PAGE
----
Today, on my lunch break, I read chapter 2 of Paul Tripp’s book, “Whiter than Snow: Meditations on Sin and Mercy”. While the entire book is on the 51st chapter of the book of Psalms, this particular chapter was over verse 12:
Restore to me the joy of your salvation, and uphold me with a willing spirit.
Psalms 51:12 ESV
Tripp discusses what it means to be upheld with a willing spirit. He demonstrates how we’re created to be independent yet…
So, all fallen human beings tend to buy into two attractive but dangerous lies. These are the lies that were on the tongue of the serpent on that fateful day of manipulation and disobedience in the garden. The first lie is the lie of autonomy, which tells me that I am an independent human being with the right to invest my life however I choose. The second lie is the lie of self-sufficiency, which declares that I have everything I need within myself to be what I am supposed to be and do what I am supposed to do. Because we do not want to live for God, but for ourselves, we are easily seduced, at the mundane, everyday level, by these lies.
We cannot give ourselves that willing spirit… If we could have, we would have. However, this is not how we are made. As I read to the end, my heart was convicted and I was grieved. How many times do I act as though I can make it on my own, shown through my lack of study and prayer? Too many nights, exhausted, I rush through prayer as duty and not delight. I so hate this about myself. Although I’d NEVER say that I have the right to invest my life as I choose, or I have everything within myself to be and do what I am supposed to be and do, my actions state otherwise.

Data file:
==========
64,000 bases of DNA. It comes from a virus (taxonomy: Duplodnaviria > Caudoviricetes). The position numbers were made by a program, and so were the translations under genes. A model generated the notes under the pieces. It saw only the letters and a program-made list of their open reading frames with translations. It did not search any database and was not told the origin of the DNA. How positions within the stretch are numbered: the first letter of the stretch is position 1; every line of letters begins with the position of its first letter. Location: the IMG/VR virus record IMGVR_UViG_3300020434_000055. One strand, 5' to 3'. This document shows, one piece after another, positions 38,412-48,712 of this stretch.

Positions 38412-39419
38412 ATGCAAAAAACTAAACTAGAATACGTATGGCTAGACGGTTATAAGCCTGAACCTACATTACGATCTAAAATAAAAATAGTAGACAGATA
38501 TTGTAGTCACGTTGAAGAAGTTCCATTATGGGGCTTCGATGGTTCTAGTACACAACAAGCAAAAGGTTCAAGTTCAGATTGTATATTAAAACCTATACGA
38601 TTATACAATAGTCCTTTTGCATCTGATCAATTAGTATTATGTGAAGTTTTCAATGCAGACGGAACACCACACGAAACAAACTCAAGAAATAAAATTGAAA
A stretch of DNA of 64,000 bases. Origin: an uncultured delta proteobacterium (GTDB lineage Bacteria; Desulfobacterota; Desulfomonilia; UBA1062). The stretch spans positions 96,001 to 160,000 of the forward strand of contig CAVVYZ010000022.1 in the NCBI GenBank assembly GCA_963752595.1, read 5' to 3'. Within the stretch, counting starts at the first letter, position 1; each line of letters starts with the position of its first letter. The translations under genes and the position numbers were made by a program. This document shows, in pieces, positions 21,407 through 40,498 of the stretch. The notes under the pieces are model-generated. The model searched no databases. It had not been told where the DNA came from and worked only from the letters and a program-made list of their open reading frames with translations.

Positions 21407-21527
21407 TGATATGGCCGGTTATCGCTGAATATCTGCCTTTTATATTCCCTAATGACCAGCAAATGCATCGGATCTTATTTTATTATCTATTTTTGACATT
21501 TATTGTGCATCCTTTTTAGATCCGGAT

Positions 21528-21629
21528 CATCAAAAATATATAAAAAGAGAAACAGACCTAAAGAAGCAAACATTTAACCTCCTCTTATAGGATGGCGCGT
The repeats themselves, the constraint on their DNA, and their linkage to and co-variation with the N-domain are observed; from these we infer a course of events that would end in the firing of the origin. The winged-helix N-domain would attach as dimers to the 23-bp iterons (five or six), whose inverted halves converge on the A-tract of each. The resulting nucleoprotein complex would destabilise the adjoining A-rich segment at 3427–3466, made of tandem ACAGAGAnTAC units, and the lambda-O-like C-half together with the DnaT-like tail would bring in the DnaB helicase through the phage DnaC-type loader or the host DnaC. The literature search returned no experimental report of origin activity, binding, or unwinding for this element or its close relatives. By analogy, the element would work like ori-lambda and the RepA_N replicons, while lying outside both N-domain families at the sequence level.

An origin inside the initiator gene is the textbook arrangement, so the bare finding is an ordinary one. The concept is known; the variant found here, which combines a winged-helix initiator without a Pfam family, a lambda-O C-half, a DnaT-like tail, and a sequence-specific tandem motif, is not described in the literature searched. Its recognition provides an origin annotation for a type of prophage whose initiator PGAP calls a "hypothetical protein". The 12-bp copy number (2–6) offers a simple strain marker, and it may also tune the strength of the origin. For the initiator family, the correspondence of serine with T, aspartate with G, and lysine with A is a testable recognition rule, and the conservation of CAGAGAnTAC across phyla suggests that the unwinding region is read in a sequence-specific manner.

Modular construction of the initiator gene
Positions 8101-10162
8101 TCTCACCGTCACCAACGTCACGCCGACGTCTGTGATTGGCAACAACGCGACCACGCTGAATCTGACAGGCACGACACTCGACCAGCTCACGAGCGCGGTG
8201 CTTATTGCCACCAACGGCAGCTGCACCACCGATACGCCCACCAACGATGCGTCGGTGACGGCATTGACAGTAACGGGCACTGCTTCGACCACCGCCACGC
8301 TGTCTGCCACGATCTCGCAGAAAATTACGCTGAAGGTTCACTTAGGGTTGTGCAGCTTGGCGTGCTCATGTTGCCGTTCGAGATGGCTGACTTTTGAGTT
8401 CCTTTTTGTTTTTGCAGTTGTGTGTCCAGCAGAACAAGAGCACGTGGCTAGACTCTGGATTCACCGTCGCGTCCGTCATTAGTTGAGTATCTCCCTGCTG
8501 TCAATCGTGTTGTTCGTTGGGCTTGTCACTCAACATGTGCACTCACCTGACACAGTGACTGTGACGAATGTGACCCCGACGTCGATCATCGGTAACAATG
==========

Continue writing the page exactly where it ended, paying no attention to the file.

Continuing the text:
It’s only a willing spirit that seeks God and His mercy and grace. One that is unwilling is in a state of self-sufficiency, a thing that NO human being can EVER claim! Tripp ends the chapter with this:
It is a willing heart that causes us to seek the grace that has been promised. When we turn from our own way and recognize our inability to live his way, we begin to seek the full range of resources that he has promised us in his Son. Grace is for the willing and we only become willing when we confess not only the gravity of our sin, but our inability to deliver ourselves from it. Then our willingness opens to us all the sustenance of heart that can only be found in the Son.
David’s story gives me hope. I pray I will speak to my soul that there is comfort to be found in this passage in light of what I know about David from 2 Samuel 11 and Acts 13:22. It would probably do well for me to do a character study on David. Often, I feel great sadness over my sin, which is a work of the Holy Spirit, but I have to fight against the accuser telling me that it defines the authenticity of my salvation. As Shai said in a sermon a couple of weeks ago, surely my God is the God of failures… not that He fails, but He tenderly loves those of us that constantly do…